To the editor:
Our local government just announced that it has won a great victory by at last obtaining the necessary federal permit to destroy about five acres of wetlands at Potomac Yard adjoining the George Washington Parkway and containing tidal wetlands.
These wetlands also contain about 270 mature trees and some rare native plants which grow only in wetland habitats. There was another option for locating the Potomac Yard Metro, outside the wetland. It would not have required a permit and so could have al- ready been built.
There was a public hearing on the state permit last July, shortly after a major flood on July 8. Many of those who spoke at the state hearing mentioned the flooding in their neighborhoods. Rosemont, where I live, had some flooded basements for the first time I can remember since 2008.
Parking garages in Old Town were flooded. The city spent about $500,000 on damages, according to City Manager Mark Jinks. It also offered low-cost flood insurance to homeowners to repair damages.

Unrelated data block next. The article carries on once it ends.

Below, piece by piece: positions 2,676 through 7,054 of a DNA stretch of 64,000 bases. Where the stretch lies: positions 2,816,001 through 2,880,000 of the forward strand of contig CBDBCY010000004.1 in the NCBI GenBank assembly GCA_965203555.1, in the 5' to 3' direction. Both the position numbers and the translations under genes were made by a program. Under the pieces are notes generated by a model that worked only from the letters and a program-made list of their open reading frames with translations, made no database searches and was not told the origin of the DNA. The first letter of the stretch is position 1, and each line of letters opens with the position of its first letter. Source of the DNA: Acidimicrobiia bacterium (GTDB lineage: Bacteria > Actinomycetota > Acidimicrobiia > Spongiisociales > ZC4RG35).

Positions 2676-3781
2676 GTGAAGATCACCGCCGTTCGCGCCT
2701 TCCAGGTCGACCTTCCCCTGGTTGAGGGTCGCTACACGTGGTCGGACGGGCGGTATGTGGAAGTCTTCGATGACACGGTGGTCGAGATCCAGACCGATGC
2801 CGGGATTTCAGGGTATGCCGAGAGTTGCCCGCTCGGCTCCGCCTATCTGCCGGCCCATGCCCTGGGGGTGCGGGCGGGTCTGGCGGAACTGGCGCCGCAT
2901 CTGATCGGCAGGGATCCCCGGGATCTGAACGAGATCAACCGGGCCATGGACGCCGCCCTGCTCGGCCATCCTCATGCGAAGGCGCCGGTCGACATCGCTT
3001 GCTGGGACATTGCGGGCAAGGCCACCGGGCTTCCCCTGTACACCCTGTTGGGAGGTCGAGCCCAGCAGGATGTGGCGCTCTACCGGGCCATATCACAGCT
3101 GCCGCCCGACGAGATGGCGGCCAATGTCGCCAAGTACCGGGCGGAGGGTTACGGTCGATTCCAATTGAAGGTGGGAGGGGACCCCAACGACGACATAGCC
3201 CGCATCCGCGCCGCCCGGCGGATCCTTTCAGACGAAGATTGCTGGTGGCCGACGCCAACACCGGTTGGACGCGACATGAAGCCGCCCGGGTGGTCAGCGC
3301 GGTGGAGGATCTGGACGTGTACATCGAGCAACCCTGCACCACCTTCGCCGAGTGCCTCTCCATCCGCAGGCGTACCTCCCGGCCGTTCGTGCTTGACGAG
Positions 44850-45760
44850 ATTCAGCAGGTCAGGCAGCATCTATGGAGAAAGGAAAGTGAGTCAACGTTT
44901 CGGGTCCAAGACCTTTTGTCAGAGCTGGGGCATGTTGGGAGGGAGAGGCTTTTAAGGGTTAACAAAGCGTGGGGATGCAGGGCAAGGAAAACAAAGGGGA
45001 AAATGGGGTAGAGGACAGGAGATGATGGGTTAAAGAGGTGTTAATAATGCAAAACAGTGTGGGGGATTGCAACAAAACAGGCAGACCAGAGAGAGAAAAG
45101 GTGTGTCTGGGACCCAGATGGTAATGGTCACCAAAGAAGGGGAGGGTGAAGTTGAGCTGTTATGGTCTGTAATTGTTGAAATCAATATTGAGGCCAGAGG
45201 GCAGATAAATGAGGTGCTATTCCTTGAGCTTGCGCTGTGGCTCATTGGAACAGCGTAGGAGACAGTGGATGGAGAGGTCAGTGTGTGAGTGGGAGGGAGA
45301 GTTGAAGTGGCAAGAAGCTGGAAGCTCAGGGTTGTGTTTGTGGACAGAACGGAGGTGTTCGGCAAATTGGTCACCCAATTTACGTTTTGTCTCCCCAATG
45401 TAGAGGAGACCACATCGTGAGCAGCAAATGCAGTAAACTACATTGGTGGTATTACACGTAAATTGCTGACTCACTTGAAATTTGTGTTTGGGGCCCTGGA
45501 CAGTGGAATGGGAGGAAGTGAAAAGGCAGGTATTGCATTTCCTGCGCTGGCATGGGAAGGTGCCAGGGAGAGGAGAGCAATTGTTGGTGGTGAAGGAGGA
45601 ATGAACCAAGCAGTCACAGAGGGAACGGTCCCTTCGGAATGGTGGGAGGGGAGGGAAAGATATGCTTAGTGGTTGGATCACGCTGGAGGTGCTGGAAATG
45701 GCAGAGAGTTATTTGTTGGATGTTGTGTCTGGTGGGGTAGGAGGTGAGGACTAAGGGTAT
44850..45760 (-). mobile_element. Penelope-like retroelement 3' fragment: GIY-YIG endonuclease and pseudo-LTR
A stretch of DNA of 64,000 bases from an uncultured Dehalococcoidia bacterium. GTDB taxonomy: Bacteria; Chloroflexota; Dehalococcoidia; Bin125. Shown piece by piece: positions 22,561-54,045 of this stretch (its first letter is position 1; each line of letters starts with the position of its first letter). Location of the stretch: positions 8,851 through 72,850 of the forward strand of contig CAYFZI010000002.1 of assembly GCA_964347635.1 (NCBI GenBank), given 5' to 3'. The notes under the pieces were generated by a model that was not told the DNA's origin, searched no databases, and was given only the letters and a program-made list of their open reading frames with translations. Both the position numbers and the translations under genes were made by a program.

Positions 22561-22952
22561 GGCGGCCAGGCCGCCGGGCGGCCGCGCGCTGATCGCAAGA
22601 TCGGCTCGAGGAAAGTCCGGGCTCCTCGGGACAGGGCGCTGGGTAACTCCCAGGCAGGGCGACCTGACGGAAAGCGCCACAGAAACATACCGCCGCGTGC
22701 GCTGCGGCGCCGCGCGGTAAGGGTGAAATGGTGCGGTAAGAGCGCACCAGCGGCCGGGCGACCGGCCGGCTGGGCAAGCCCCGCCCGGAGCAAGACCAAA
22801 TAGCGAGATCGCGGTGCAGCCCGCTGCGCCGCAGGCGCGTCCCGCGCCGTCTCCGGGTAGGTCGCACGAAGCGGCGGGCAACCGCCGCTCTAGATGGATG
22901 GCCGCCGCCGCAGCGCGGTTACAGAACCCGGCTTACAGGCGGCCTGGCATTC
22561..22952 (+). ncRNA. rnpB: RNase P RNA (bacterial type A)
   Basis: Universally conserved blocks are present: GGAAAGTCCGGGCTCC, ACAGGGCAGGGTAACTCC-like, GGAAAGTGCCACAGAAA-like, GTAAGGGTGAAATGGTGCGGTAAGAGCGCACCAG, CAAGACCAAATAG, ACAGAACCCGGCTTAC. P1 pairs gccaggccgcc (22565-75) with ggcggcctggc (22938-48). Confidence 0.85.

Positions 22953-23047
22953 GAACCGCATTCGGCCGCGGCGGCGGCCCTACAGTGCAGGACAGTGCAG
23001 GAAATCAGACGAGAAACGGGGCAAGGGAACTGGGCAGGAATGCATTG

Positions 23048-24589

But the most ominous feature of the flood event, which occurred on a weekday, was that it caused major flooding on the George Washington Parkway. There was serious damage to flooded cars and people had to be rescued from them. No one drowned. We have had subsequent flooding on the Parkway, but none as extreme as the July event.
As all environmentalists know, wetlands function as catch basins to hold excess water. Higher ground does not. All of our flooding events are clearly related to freakish rain storms while the large catch basin of the Potomac Yard wetland was still available as a mitigating factor.
After this wetland is destroyed, there will surely be more extreme flooding. Unless the city changes its policy soon and truly recognizes global warning as a threat, things can only get worse.
-Katy Cannady, Alexandria